Real Madrid’s dominance on the domestic and international stages continued into the seventies. First with Pedro Ferrándiz in charge, and then with his successor on the bench, Lolo Sainz, the Whites tasted success season after season. Another three European Championship Cups made the team from the Spanish capital the most decorated club on the continent.
Real Madrid cemented its dominance over Spanish basketball throughout the seventies. Changes to the squad didn’t seem to affect the results. While Sevillano, Emiliano and Luyk all eventually retired, there were always other great players coming in to pick up the baton.
The same was true of the team’s management. After winning the National League and the Copa de España in 1975, Pedro Ferrandiz became a sporting director and appointed a successor, Lolo Sainz, who had been his assistant up until that point. The team’s winning mentality continued with the former Madrid point guard at the helm. Sainz remained in office until the end of the 1988-89 season.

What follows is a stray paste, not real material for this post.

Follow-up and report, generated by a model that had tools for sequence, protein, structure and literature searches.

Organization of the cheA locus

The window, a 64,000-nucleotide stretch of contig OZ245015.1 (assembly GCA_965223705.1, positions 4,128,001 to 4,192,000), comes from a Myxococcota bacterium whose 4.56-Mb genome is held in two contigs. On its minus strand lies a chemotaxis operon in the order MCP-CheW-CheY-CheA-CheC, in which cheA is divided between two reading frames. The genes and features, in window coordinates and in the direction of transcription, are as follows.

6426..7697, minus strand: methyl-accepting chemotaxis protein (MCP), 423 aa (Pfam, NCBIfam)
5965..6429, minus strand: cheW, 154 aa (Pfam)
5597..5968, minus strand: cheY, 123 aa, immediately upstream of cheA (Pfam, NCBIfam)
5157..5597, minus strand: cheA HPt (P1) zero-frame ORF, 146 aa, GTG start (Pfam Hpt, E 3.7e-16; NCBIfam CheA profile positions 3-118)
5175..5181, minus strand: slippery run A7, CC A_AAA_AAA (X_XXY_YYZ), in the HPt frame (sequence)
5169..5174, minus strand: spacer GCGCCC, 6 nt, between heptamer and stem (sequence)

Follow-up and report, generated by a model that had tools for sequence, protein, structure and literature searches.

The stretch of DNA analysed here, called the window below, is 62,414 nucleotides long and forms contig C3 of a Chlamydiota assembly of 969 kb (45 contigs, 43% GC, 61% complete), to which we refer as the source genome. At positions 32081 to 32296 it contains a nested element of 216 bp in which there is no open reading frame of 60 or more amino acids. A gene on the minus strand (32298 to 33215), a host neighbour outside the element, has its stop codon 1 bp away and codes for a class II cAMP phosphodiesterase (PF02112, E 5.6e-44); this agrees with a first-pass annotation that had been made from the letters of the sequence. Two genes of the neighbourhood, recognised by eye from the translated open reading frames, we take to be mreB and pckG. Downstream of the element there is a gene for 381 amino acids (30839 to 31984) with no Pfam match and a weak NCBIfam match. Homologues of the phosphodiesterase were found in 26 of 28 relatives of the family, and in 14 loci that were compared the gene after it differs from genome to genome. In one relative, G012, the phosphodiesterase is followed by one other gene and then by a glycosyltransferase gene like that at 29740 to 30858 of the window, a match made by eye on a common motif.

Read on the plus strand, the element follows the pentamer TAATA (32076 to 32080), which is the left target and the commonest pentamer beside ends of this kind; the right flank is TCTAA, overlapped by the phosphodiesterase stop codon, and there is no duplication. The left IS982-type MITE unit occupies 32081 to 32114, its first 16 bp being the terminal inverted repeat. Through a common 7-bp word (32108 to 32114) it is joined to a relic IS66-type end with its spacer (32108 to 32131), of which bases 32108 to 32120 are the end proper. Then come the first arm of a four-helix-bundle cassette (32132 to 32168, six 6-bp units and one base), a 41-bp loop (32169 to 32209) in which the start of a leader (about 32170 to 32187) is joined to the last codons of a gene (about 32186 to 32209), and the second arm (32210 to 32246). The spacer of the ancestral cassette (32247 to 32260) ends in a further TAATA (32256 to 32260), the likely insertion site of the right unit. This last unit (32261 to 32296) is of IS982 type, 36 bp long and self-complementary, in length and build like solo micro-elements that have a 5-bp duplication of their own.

AN UNSTOPPABLE CYCLE
While the sixties was a successful decade, the seventies were not far behind. Between 1970 and 1975, Real Madrid won each edition of the National League and the Spanish Cup. Between 1972 and 194 they went 88 games unbeaten in the league. In order to be able to keep this level of play up, the side needed a consistent flow of good players to replace those who left and retired (Emiliano, in 1973). Not only new Americans, but also local talent sourced from the academy, such as Rafa Rullán and Carmelo Cabrera. In 1971, a point guard with a big personality came through in Juan Antonio Corbalán. In the final minutes of the European Cup final in 1974, when Cabrera was sin binned for fouling, Ferrándiz put his confidence in the brash 19 year-old. Madrid won and Corbalán became the new natural leader of Spanish basketball.
A RIVAL AT THE TOP
The unstoppable Real Madrid side of the seventies found a rival of similar stature in Europe. Italian side Varese, who had the great Dino Meneghin in their ranks, crossed paths with Madrid many times, playing out some legendary matches. In this decade they played each other four times in the European Cup Final, as both side won twice. The last of which, in Munich in 1978, saw them draw level on five continental titles each. Following an intense match, Real Madrid won, and they earned the right to keep the crown as Europe’s best side. Varese’s count stayed at five, whereas The Whites’ carried on growing. In 1980 Madrid won their seventh European Cup, beating the football side’s number of titles up to said date.